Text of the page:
By the time the 6th round had concluded, about 30-minutes before the final round, my Dad told me that Arthur Shen had defeated Kesav on the top board. So I began to prepare for Arthur, a good friend of mine, as it was obvious I would play him. But when the pairings came out 10 minutes before the round, I saw that I was playing Kesav instead. I was bewildered, and couldn’t understand how I was playing Kesav. But then I saw that Kesav was also on 5.5, which meant he had drawn his game with Arthur not lost. Looks like my Dad was mistaken! I was flustered. This was not the first time my Dad had done such a mixup.  In my only previous National Championship appearance – the K-9 SuperNationals 2013 – before the final round he told me that Safal Bora had won against Cameron Wheeler in the penultimate round.  So while I checked out Safal’s game in the few minutes left for the last round, the pairings came out just moments before round-time.  In fact, Cameron had won against Safal, and he was going to play me in the final round of the K-9 SuperNational Championship. With no time to prepare, I just shook my head and went on to play Cameron. Inspite of this confusion two years ago, I was able to win the game and the K-9 SuperNational title. So my Dad seems to have made this inaccurate results information into a tradition, and I’m just happy there are no more Nationals to play anymore for him to jolt me. Just before I walked to the board, he told me to bail him out once again for the last time.  I wonder if it will indeed be the last time :)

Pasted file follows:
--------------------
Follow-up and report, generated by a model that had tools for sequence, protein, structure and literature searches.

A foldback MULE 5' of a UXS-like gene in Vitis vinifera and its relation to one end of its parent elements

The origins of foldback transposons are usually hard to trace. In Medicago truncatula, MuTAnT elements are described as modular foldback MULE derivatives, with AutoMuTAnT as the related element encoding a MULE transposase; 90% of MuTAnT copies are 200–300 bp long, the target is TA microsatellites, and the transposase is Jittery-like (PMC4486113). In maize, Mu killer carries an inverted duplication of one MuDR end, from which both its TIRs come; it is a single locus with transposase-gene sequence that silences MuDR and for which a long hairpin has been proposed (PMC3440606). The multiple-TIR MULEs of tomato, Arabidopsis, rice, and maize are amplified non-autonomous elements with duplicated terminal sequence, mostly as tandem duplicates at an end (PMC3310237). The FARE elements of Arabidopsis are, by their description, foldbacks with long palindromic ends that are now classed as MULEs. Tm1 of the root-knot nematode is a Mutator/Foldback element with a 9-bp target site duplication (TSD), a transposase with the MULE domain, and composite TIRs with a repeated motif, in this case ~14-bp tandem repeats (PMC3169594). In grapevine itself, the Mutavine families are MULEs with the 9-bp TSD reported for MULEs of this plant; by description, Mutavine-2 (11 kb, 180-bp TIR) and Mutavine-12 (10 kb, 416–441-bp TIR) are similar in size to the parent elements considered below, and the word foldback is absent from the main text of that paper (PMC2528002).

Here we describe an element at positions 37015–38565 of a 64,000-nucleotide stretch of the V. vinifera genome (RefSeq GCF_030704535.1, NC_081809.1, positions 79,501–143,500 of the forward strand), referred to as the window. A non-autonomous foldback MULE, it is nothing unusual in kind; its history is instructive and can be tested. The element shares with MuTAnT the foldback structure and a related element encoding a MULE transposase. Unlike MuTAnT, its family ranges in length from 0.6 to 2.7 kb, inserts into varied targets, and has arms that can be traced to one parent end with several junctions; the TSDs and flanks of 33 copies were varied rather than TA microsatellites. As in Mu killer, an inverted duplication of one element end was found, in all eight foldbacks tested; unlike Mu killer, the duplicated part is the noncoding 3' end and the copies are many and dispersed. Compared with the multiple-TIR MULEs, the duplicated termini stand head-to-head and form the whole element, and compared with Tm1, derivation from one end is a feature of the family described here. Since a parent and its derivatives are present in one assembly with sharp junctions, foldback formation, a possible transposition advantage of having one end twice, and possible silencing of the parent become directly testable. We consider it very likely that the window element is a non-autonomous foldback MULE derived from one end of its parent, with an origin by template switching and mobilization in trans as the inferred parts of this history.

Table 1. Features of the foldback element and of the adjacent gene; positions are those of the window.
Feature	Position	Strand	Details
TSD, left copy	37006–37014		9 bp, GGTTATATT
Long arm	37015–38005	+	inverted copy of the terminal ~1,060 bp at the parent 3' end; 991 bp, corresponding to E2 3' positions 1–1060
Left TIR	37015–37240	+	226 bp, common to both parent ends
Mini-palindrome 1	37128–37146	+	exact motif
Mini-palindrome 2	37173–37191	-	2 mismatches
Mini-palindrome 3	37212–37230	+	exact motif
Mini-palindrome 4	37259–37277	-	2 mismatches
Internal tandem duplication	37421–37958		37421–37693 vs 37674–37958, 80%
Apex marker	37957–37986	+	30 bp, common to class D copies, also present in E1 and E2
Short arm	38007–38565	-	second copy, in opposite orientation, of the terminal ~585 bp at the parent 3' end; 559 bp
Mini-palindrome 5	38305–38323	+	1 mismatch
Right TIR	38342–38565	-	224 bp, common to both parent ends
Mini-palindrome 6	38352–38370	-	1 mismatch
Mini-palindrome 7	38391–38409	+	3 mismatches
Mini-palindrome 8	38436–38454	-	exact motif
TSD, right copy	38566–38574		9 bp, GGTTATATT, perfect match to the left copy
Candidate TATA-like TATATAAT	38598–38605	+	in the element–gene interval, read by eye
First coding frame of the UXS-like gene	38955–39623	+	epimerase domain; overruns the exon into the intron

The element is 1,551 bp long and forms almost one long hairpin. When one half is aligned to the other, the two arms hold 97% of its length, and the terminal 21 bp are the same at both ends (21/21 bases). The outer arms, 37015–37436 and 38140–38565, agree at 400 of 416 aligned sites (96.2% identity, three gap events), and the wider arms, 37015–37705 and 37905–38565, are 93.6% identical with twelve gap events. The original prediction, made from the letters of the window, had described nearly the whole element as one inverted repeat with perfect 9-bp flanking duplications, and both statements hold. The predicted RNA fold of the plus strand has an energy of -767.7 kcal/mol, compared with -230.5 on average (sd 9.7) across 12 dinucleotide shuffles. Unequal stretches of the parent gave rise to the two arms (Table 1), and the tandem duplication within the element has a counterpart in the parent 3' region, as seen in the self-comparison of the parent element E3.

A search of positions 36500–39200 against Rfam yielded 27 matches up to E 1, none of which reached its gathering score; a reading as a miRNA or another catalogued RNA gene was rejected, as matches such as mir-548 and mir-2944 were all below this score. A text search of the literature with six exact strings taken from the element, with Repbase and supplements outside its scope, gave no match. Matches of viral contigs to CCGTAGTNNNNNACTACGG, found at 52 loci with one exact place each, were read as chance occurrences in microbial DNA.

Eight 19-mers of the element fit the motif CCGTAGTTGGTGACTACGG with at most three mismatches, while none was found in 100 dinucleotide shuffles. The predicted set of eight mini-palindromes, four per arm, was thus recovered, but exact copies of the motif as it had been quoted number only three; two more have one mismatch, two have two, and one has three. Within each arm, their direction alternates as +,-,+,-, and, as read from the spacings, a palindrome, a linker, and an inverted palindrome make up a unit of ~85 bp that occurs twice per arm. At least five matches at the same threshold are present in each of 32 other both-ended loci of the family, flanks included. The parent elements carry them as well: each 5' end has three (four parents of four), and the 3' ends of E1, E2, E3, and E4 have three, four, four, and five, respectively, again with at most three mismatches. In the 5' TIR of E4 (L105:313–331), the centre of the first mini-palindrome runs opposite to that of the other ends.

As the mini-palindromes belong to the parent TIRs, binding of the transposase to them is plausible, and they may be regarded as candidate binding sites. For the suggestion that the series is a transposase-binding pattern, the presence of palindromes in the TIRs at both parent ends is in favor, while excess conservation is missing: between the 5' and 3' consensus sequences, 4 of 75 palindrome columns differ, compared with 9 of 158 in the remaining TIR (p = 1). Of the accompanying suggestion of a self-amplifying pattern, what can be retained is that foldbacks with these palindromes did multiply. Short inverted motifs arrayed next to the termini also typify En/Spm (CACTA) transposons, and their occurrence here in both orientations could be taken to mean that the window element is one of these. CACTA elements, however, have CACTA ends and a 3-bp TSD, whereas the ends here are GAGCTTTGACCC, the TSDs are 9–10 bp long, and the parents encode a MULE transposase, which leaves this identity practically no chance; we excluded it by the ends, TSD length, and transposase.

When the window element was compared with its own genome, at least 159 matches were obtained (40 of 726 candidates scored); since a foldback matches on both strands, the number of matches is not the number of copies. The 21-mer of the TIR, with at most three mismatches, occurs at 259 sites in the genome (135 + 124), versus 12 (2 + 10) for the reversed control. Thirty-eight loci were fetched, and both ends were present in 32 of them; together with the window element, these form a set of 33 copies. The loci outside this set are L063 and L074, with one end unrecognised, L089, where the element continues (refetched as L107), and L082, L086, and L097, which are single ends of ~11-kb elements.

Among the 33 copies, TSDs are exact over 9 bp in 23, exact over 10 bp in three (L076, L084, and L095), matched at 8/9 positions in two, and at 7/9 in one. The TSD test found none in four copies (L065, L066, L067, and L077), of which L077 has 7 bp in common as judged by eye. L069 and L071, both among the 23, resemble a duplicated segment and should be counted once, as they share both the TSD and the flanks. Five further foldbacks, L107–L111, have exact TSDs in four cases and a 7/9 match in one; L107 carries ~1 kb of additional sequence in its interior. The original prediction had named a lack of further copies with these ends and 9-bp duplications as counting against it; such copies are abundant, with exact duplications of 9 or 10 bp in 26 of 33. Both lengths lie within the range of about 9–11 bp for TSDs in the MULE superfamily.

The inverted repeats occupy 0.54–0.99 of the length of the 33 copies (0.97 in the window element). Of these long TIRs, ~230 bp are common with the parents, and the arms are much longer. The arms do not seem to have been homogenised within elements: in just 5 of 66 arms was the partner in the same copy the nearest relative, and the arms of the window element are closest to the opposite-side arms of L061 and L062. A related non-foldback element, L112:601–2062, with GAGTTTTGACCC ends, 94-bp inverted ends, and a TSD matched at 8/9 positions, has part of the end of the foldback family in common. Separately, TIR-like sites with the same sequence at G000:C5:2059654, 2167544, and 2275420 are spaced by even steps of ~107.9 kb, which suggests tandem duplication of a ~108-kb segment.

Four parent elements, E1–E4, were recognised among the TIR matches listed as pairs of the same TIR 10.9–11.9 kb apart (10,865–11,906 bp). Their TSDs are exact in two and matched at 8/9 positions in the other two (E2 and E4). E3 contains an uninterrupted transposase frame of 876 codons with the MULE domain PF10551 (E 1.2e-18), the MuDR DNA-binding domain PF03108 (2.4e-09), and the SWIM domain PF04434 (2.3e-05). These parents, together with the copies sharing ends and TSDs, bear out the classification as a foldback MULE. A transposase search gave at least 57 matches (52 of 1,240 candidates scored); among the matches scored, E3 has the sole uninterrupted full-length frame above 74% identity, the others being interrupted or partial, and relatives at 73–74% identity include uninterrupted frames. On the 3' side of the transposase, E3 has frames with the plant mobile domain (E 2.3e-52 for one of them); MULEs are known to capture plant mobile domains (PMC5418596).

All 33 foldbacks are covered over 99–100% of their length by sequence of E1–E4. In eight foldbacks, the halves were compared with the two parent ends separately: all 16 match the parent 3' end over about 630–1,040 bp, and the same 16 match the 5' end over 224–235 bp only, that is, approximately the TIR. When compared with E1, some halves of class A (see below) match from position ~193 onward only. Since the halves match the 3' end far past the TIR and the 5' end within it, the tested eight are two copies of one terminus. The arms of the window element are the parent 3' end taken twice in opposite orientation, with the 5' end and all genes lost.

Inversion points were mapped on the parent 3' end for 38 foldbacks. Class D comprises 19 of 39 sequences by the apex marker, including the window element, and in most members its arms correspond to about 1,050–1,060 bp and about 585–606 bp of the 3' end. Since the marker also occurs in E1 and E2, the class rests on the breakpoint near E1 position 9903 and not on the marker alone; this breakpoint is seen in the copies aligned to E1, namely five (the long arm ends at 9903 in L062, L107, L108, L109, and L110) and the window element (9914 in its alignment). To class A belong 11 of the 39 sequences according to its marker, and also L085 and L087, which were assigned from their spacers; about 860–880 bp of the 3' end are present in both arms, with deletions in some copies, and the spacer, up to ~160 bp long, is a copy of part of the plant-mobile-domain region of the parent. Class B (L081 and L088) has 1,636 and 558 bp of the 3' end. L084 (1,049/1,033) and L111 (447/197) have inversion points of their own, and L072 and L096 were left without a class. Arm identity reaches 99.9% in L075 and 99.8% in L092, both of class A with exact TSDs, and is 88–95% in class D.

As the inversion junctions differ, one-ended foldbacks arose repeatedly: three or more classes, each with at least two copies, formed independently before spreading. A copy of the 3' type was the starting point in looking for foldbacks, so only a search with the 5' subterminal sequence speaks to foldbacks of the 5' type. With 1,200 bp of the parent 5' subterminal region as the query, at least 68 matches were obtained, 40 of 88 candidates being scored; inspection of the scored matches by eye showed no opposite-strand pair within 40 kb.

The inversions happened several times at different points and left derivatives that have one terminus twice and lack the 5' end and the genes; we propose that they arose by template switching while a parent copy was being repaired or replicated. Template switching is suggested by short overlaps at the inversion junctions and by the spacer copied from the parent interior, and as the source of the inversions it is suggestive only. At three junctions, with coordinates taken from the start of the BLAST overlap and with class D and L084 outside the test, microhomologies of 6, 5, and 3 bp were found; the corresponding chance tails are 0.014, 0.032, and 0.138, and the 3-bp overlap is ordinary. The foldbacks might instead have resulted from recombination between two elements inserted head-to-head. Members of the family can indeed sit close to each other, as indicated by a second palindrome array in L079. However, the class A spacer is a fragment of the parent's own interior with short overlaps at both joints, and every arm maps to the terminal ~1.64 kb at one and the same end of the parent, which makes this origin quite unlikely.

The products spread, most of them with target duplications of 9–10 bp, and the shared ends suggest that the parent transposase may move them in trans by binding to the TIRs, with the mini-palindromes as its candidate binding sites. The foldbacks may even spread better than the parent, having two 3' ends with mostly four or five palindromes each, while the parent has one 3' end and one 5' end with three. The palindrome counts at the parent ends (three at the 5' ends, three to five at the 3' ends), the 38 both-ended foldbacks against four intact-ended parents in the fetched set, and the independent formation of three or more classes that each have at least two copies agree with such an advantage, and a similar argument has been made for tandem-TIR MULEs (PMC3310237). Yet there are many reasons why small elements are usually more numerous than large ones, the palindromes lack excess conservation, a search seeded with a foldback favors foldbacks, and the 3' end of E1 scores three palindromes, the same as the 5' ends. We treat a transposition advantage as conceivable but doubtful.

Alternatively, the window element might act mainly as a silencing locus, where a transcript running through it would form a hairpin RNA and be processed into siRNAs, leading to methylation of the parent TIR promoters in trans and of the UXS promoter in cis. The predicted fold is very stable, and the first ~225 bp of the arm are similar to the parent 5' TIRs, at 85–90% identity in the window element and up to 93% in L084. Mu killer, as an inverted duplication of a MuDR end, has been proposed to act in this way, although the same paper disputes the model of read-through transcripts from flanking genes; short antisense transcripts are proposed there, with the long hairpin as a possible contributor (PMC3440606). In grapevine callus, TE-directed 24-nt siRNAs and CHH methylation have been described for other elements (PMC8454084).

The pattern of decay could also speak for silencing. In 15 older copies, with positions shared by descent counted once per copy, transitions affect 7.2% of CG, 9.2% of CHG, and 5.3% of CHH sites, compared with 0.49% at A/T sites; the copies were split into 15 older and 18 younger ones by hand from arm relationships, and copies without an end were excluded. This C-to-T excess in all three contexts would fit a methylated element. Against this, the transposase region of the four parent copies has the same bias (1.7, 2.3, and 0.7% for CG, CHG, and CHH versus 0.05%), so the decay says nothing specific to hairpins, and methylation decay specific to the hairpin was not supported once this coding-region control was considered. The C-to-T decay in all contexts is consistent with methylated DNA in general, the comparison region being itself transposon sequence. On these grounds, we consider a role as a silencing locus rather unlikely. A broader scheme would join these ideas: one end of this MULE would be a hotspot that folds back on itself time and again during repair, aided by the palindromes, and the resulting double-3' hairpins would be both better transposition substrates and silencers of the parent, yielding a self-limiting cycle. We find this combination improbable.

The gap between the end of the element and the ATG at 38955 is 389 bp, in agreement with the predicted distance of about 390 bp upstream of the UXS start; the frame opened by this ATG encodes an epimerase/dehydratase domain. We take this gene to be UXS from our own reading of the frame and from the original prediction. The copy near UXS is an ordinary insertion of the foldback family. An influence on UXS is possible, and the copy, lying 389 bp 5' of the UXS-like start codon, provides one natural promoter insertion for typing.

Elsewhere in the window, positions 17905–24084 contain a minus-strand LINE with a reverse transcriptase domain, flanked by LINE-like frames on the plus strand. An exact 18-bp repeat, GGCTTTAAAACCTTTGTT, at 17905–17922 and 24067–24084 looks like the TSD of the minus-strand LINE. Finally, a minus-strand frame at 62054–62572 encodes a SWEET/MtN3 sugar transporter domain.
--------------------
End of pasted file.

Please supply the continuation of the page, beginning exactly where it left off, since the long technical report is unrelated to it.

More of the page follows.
So here I was experiencing a true deja vu situation in the final round of the National High School Championship. There was no time to prepare now for Kesav, and I had unnecessarily tired myself chasing a wrong opponent. Walking to the board, I decided to just play something I had never done before, to avoid any potential preparation from my opponent. I knew that the line I was going to play was harmless for Black, should he play accurately, but figured it would have a good surprise-effect. The game evolved into a highly sharp and complicated position, when Kesav suddenly made the decisive mistake.